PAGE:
Funk also plays a role in the world of the jam band, which peaked in the late 1990s but still continues to pop up from time to time. Medeski Martin & Wood, Robert Randolph and The Family Band and Galactic all employ now-traditional funk rhythms and place value on improvised solos as a throwback to the earlier days of funk, albeit they do so with different instrumentations than would likely have been found in the 1960s and 1970s.


Katherine Kennicott Davis


Katherine Kennicott Davis (June 25, 1892 – April 20, 1980) was a composer, pianist, and author of the famous Christmas tune “The Little Drummer Boy”.

Life and career

Davis was born in St. Joseph, Missouri, on June 25, 1892, the daughter of Jessie Foote (Barton) and Maxwell Gaddis Davis. Her father was descended from John and Mariah Jane Boylan Murphey, one of the early pioneer settlers of Morgan County, Ohio and a foreman during the construction of the National Road — also known as the Cumberland National Road, as it pushed westward from Cumberland, Maryland through Ohio and on to Vandalia, Illinois. She composed her first piece of music, “Shadow March,” at the age of 15. She graduated from St. Joseph High School in 1910, and studied music at Wellesley College in Massachusetts. In 1914 she won the Billings Prize. After graduation she continued at Wellesley as an assistant in the Music Department, teaching music theory and piano. At the same time she studied at the New England Conservatory of Music in Boston. Davis also studied with Nadia Boulanger in Paris. She taught music at the Concord Academy in Concord, Massachusetts, and at the Shady Hill School for Girls in Philadelphia.

She became a member of ASCAP in 1941. and was granted an honorary doctorate from Stetson University, in DeLand, Florida. Katherine K. Davis continued writing music until she became ill in the winter of 1979-1980. She died on April 20, 1980, at the age of 87, in Littleton, Massachusetts.[3] She left all of the royalties and proceeds from her compositions, which include operas, choruses, children’s operettas, cantatas, piano and organ pieces, and songs, to Wellesley College’s Music Department. These funds are used to support musical instrument instruction.


Many of her over 600 compositions were written for the choirs at her school. She was actively involved in The Concord Series, multiple-volume set of music and books for educational purposes. Many of the musical volumes were compiled, arranged, and edited by Davis with Archibald T. Davison, and they were published by E.C. Schirmer in Boston.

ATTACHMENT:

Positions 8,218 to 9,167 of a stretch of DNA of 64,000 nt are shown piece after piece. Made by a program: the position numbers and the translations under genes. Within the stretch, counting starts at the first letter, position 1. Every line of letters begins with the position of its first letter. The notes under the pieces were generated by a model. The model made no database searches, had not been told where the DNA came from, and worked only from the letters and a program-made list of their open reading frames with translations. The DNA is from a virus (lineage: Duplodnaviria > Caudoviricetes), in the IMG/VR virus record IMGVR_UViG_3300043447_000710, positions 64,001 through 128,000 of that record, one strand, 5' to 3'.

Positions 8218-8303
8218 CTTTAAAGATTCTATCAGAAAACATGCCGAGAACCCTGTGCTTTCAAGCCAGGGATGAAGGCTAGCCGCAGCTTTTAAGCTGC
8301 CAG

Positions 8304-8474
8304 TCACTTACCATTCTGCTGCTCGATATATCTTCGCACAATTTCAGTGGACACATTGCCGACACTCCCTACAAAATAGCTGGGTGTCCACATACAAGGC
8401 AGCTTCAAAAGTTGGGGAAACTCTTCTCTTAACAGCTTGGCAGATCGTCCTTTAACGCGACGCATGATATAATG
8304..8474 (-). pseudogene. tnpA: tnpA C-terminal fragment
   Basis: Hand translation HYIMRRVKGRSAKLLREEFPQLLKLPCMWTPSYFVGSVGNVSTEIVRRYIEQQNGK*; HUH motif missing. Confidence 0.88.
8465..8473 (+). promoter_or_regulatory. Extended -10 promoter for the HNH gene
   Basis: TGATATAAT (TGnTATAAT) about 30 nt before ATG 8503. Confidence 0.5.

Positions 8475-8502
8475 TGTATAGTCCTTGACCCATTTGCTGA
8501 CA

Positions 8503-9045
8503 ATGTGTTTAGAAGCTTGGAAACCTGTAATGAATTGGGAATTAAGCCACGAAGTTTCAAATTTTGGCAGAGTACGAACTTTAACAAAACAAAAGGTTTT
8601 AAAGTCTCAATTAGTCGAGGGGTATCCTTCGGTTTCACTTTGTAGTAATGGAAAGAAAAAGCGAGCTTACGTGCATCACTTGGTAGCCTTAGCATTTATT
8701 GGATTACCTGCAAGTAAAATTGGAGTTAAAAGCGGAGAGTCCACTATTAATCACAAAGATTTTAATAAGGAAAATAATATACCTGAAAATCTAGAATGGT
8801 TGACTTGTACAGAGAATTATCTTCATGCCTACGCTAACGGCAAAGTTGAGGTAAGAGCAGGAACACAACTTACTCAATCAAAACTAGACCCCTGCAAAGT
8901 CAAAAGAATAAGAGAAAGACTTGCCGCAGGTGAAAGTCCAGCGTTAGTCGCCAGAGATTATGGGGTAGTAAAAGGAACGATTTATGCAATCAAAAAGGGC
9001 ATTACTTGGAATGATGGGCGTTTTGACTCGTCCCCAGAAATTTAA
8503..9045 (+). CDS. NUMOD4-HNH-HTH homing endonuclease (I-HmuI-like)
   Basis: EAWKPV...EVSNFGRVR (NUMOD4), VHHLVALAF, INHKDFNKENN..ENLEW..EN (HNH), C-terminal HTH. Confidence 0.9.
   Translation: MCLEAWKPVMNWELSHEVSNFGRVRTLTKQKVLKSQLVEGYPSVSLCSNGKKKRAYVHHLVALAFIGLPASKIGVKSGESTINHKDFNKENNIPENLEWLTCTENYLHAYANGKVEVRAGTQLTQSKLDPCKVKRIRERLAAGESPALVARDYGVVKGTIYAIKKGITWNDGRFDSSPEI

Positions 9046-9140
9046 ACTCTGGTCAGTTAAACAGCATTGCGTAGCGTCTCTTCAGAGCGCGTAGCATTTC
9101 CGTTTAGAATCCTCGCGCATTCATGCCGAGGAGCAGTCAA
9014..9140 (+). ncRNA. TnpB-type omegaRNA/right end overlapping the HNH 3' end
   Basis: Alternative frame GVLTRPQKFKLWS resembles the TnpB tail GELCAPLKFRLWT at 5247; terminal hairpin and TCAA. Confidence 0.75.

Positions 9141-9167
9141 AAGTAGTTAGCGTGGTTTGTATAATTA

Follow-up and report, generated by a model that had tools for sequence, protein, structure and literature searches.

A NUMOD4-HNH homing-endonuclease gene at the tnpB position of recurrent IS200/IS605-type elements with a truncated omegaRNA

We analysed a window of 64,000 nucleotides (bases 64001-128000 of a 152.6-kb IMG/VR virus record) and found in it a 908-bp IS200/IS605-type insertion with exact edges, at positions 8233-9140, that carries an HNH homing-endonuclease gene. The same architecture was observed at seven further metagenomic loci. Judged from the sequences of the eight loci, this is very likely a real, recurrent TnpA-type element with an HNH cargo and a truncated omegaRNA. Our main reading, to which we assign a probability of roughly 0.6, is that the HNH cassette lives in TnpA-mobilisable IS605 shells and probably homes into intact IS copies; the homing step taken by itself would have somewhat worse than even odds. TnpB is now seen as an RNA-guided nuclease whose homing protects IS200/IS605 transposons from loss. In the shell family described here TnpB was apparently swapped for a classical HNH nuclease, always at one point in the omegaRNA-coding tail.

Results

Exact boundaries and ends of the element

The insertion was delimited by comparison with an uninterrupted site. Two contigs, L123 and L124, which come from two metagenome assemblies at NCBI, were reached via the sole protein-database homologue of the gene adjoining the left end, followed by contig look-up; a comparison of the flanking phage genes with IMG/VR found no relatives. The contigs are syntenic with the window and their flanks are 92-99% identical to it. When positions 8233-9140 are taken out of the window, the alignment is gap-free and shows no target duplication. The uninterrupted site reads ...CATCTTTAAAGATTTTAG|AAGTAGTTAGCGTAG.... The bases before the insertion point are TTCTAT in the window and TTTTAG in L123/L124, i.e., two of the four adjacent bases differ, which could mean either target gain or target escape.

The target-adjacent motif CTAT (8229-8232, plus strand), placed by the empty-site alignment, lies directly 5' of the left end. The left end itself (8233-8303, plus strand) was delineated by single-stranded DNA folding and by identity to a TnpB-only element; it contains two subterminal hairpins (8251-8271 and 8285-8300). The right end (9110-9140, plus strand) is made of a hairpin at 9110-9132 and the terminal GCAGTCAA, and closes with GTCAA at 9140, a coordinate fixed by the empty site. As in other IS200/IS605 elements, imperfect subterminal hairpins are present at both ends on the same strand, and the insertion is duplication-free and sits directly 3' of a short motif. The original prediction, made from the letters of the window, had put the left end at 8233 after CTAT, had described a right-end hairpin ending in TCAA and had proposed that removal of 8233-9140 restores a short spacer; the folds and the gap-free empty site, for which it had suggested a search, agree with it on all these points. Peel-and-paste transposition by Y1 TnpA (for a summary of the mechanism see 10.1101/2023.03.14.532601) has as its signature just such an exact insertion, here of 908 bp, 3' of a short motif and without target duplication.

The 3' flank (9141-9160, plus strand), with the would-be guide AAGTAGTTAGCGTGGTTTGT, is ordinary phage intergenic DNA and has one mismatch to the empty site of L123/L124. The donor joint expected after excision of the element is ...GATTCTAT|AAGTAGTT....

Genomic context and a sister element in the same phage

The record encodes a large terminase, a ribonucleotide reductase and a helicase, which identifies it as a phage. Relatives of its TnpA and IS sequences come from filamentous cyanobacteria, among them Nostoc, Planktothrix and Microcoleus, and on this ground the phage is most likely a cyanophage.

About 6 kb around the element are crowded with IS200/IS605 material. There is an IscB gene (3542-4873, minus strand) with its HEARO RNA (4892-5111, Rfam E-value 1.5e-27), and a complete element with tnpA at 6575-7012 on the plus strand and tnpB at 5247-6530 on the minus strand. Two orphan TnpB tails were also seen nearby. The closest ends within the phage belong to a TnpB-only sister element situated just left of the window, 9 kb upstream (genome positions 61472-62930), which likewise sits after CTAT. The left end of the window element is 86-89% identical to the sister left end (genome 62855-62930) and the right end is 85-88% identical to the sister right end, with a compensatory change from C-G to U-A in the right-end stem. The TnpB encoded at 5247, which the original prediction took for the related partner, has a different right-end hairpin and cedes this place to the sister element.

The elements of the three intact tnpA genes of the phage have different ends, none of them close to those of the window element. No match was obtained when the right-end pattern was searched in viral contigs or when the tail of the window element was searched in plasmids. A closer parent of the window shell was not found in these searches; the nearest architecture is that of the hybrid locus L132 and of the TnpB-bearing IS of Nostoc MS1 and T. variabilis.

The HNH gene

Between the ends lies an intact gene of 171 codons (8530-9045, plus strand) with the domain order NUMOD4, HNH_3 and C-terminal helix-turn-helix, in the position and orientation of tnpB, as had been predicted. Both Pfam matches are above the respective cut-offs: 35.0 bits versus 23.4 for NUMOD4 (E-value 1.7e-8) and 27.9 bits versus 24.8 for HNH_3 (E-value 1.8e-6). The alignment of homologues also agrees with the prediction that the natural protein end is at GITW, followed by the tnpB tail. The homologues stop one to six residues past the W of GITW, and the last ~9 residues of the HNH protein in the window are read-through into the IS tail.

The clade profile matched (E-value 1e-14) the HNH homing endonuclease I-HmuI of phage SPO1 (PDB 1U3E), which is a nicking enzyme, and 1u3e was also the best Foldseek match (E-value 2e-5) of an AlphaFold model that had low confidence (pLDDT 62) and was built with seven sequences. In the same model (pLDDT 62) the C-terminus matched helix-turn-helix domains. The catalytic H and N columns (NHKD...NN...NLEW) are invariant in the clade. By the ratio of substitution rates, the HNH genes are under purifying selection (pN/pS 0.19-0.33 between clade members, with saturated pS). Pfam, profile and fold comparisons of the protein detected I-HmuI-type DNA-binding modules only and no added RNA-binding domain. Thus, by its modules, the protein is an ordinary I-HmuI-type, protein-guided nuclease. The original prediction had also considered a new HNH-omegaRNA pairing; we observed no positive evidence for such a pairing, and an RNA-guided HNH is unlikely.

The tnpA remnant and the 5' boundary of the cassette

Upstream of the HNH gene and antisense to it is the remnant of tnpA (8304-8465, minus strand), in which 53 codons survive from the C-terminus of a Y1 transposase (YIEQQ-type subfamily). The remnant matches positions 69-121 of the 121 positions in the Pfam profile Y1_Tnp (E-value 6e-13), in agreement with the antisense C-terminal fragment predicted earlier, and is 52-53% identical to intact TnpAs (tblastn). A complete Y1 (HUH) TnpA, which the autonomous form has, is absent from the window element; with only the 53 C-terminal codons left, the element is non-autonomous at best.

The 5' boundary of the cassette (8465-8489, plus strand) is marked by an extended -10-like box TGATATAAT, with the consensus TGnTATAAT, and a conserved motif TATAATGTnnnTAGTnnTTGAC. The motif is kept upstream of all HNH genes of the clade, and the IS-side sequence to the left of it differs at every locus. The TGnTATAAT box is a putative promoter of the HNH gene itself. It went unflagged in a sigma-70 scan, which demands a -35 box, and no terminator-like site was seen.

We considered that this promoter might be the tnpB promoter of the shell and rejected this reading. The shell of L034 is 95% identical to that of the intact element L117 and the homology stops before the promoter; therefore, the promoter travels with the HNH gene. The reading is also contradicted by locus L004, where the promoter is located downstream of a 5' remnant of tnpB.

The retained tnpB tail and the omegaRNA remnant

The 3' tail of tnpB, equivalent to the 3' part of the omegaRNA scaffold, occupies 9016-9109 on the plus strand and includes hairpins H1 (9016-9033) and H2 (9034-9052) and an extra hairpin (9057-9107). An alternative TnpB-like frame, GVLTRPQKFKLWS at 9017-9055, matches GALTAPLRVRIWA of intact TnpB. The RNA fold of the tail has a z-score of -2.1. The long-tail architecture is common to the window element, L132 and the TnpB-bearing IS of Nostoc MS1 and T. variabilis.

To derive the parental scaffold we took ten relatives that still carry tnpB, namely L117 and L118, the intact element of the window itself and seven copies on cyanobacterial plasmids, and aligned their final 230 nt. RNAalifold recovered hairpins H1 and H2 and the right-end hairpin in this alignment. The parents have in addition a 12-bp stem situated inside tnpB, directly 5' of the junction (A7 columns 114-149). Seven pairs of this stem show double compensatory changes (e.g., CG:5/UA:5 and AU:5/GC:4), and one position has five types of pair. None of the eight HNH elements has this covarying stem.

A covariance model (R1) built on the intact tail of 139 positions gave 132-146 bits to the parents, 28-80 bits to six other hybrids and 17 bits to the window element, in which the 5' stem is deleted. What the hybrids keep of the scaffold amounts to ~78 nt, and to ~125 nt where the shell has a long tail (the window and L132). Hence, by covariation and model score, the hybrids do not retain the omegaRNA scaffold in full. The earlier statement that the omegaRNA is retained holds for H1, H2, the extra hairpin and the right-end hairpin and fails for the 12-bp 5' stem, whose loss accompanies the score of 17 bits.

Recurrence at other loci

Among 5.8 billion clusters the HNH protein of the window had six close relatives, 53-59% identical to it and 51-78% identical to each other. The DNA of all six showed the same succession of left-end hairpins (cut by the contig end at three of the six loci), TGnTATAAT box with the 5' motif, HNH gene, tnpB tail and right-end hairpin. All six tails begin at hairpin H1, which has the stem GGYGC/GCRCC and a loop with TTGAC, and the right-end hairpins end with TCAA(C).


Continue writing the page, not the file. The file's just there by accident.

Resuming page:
She wrote “The Little Drummer Boy” (originally titled “The Carol of the Drum”), in 1941. It became famous when recorded by the Harry Simeone Chorale in 1958: the recording sailed to the top of the Billboard charts and Simeone insisted on a writer’s royalty for his arrangement of the song. Another famous hymn by Katherine Davis is the Thanksgiving hymn “Let All Things Now Living” which uses the melody of the traditional Welsh folk song The Ash Grove.

Lori and George Schappell


Lori and George Schappell (born as Lori and Dori Schappell, September 18, 1961, in Reading, Pennsylvania) are conjoined twins. George has performed as a country singer. In 2007, George, who was at that time known as Reba Schappell, stated that although assigned female at birth, he identified as male and changed his name to George.


George Schappell has designed support equipment for people with physical handicaps, including a specialized wheelchair and a mobility aid for dogs.

As country singer Reba Schappell, George has performed widely in the United States and visited Germany and Japan and in 1997, won an L.A. Music Award for Best New Country Artist. George sang “Fear of Being Alone” over the credits of Stuck on You, a comedy film about a pair of fictitious conjoined twins.

Lori acts as George’s facilitator. She works in a laundry, arranging her workload around George’s singing commitments. Lori says that, as a fan of George’s, she pays to attend concerts, just like all the other fans, simply making herself quiet and “invisible” while George is performing.

As conjoined twins, Lori and George Schappell have appeared in a number of television documentaries and talk shows. They have also acted in an episode of the television series Nip/Tuck, in which they played conjoined twins Rose and Raven Rosenberg.

On June 21, 2007, Lori and George took part in the grand opening of “Ripley’s Believe It Or Not ! Odditorium” in Times Square in New York. This is the first time they were billed as Lori and George Schappell.

Personal Lives

Born as Lori and Dori Schappell, the siblings are craniopagus conjoined twins joined at the head, but having very different personalities and living – insofar as possible – individual lives. As a mark of individuality, and disliking the fact that their names rhymed, Dori chose to go by the name Reba. By 2007 he preferred to be known as George.